Today’s guest post is by Amy McCloskey Tobin.
When I first delved into the world of social media I was overwhelmed with the possibilities.
For the first time in history, a small business could communicate directly with its target audience.
I was thunderstruck by the realization that small marketing budgets, the bane of growth for most small businesses, were practically irrelevant.
A smart plan and time to dedicate to your community allowed you to transform your business.
I became absolutely obsessed with learning as much as I could about how to use Facebook, Twitter, LinkedIn, and any other platform available as a marketing tactic.
There was a period where I literally couldn’t catch my breath for trying to digest it all.
I spent hours upon hours glued to my computer, reading as rapidly as possible.
I tried to read every new social media book, as counter-intuitive as that seemed since everything was changing so quickly; by the time I’d finished the latest book a new platform would spring to life and I was once again playing catch up.
I felt uneducated…totally unarmed for this brave new marketing world.
Shiny Object Syndrome
When Google+ first came out I really took a licking. I invested hours upon hours while it was in beta, convinced, this time, I’d be ahead of the game. I heeded some of the social stars when they warned me that G+ was going to change everything; it was going to KILL Facebook.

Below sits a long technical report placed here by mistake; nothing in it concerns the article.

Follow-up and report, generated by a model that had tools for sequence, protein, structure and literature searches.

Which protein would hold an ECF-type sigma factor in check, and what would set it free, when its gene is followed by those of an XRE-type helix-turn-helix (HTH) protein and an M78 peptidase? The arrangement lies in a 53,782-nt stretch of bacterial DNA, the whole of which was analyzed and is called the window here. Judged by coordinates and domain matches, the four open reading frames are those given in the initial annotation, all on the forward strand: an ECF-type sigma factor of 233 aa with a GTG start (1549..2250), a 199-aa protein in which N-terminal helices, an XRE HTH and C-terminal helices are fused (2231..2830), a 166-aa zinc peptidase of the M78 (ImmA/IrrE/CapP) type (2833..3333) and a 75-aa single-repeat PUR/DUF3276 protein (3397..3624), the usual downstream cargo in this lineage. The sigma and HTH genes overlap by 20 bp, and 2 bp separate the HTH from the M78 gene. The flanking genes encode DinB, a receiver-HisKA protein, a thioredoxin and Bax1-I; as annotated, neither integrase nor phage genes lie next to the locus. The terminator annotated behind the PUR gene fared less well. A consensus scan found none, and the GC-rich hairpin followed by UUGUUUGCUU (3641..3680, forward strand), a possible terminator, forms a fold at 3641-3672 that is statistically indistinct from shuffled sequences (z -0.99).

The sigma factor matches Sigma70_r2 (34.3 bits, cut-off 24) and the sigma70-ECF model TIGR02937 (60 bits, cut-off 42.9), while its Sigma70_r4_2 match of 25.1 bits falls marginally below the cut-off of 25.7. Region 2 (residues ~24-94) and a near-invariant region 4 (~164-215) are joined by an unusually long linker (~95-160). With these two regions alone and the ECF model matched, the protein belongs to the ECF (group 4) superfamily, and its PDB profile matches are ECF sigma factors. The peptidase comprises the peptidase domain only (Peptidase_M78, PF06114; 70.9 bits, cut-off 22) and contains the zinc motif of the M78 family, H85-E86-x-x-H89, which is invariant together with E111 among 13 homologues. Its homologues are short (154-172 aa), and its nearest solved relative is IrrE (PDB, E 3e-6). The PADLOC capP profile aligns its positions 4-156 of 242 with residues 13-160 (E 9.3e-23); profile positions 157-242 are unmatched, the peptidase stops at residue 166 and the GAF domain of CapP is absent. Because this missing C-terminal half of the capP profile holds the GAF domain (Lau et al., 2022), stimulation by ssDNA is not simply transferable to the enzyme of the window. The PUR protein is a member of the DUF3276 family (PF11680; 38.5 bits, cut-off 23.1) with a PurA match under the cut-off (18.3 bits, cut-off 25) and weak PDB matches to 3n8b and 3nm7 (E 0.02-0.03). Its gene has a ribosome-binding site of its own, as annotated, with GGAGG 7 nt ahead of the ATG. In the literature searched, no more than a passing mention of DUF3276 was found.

I was nervous. Facebook worked as a marketing tactic for some of my key clients. I was preparing for the day I’d have to sit them down and tell them that we needed to change course; as soon as G+ grew to a substantial number of users, we’d have to start all over there.
That day never came.
Use What Works for You
When I realized it wasn’t coming, I began to notice a lot of other things too. I realized that, although I’d opened accounts on Stumble and Reddit and Pinterest and Digg and BuzzFeed etc., it didn’t really matter that I’d stopped checking in with them all.
In fact, when I finally stopped trying to BE everywhere and just focused on the few platforms that really worked for me, those platforms became a much richer source of information, and my relationships there deepened.
Guess what? I don’t even check G+ anymore. Most of my clients never went beyond setting up an account ‘just in case,’ and I stopped trying. The people I know both online and in real life have not given up on Facebook. Along with the other one billion people, they still don’t want to leave.
Connecting is Key
The reality is: IT’S TIME TO STOP THE MADNESS. No one can be everywhere and still be meaningful. Sure, companies can have a social presence on a myriad of networks, because they have a team of people working within their community, but there is no reason on earth any one individual should pretend that they have a real presence on 57 different social networking sites.
It’s impossible, and frankly, it goes against the original value of social media: The ability to genuinely connect with other people.
The point of this post? Stop feeling a sense of responsibility to use networks that you don’t find useful, and don’t listen to the scare mongers more than you listen to your own reality.